Disorderly Habits

 

 

He holds up the fumbled piece of paper in his left hand, trying to juggle the mic while putting down his can of coke in one go with his right. The battered skateboard loosely balances under one of his vans, heel slightly up. Pink socks, a tiny rim of skin visible under the rolled up jeans.


Nine laps to go. The rumble of the forty riders' peloton that just passed by is fading in the distance. Nothing left but the almost silence, accompanied by a faint beat of a catchy house tune that would have been a floor filler ten years ago.


He looks back at race control. Any changes in the tête de la course would mean an instant adrenaline rush that could only be answered by a exclamation in the microphone. But none yet. He could just let the moment pass, wait until the riders show up in the distance, telling the story as it would unfold before his eyes. But that isn't his style.


No, that void: an endless vacuum of possibilities, opening up between lap nine and eight. Time to do what he does best. His voice echoes over the empty course, finding it's way through the speakers near the distant club house where most of the spectators are soaking up the late season sun. It could be about anything. Or about nothing in particular. He loves that endless pool of nondescript options. Pizza. Could be about that.


The riders emerge in the distance, leaning through corner eight, coming up to the final straight. The few spectators across the track get up their feet, the anticipation growing with each inch. There seems to be a breakaway of about three riders. Pushing, but not yet over the edge. Still a long way to go. He shouts and yells while they blaze past, leaving a gap to be filled by the pack of riders that countered the attack.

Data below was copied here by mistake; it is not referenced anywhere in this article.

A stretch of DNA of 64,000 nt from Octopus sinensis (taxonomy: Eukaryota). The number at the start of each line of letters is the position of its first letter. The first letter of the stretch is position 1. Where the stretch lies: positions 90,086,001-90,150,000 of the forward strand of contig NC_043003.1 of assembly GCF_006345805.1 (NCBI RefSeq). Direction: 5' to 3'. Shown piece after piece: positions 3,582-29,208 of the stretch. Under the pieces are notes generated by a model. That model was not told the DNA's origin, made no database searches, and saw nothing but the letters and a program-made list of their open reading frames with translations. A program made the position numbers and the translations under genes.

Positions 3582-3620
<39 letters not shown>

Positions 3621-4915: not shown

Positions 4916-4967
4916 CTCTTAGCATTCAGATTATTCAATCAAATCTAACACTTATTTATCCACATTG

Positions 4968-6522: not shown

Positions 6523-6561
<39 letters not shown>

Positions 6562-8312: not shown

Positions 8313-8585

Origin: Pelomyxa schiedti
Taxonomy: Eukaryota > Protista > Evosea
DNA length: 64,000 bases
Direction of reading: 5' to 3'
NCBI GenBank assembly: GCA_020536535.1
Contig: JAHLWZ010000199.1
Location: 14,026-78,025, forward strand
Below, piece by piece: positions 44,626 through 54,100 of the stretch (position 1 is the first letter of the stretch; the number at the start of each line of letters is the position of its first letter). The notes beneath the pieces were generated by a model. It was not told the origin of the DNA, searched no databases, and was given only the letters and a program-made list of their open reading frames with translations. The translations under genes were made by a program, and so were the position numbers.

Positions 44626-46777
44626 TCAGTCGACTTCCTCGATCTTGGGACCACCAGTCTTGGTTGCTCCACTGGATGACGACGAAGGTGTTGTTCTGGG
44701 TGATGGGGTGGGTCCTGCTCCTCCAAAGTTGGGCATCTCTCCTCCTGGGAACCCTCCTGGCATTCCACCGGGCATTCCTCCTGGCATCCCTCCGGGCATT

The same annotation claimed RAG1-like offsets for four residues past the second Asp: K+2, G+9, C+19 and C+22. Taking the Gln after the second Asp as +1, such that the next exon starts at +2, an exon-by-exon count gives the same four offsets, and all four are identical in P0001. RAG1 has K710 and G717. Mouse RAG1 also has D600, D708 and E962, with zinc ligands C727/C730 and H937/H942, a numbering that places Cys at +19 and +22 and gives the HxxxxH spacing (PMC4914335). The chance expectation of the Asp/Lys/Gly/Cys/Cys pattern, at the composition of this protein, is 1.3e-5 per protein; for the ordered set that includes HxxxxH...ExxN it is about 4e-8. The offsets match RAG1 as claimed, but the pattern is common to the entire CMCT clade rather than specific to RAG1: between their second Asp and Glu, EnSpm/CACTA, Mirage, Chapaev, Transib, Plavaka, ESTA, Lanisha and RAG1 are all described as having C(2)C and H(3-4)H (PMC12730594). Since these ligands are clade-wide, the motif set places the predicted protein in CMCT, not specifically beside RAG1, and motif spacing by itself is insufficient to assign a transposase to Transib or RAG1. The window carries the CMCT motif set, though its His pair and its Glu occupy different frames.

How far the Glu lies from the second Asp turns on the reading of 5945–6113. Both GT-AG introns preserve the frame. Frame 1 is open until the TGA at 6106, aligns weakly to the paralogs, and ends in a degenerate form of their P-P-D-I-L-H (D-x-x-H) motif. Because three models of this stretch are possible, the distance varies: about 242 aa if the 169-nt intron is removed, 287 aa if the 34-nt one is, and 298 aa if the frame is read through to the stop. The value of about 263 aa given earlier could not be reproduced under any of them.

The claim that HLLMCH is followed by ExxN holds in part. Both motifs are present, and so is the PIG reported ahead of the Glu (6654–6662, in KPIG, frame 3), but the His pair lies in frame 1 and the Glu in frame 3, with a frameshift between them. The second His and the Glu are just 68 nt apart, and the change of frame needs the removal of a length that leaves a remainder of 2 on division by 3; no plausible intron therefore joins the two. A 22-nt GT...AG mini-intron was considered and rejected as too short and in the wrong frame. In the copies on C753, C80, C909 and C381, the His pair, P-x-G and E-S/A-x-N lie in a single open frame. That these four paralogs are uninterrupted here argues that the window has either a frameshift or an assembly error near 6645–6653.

He is among friends. A vital part of the circus that is tying this disorderly crit family together. The season has been intense. He's relieved this is the final one for now. But he also knows the longing will start as soon as he mounts his bike tonight. Good thing there are velodromes.


Crash in corner three. He wipes the sweat of his face with the 'Habits' part of his shirt, a passing train leaving a welcoming breeze of cool air. Summer is still here. A great announcer tells the tales he imagines, showing spectators what they can't see themselves and entertaining the masses when there's no tale to be told. It might be about nothing, but it makes all the difference.


Final lap. The hairs on his arms raise slightly, his free hand reaching for the checkered flag that leans against a near barrier. He is here, it's now. Nothing beats that final sprint. The arm up high in the air, the weight of the flag pole pushing slightly against his waist. The audience roars, the lone rider up front getting chased by the pack. As they catch up and pass him the flag comes down in one final go. This is it.

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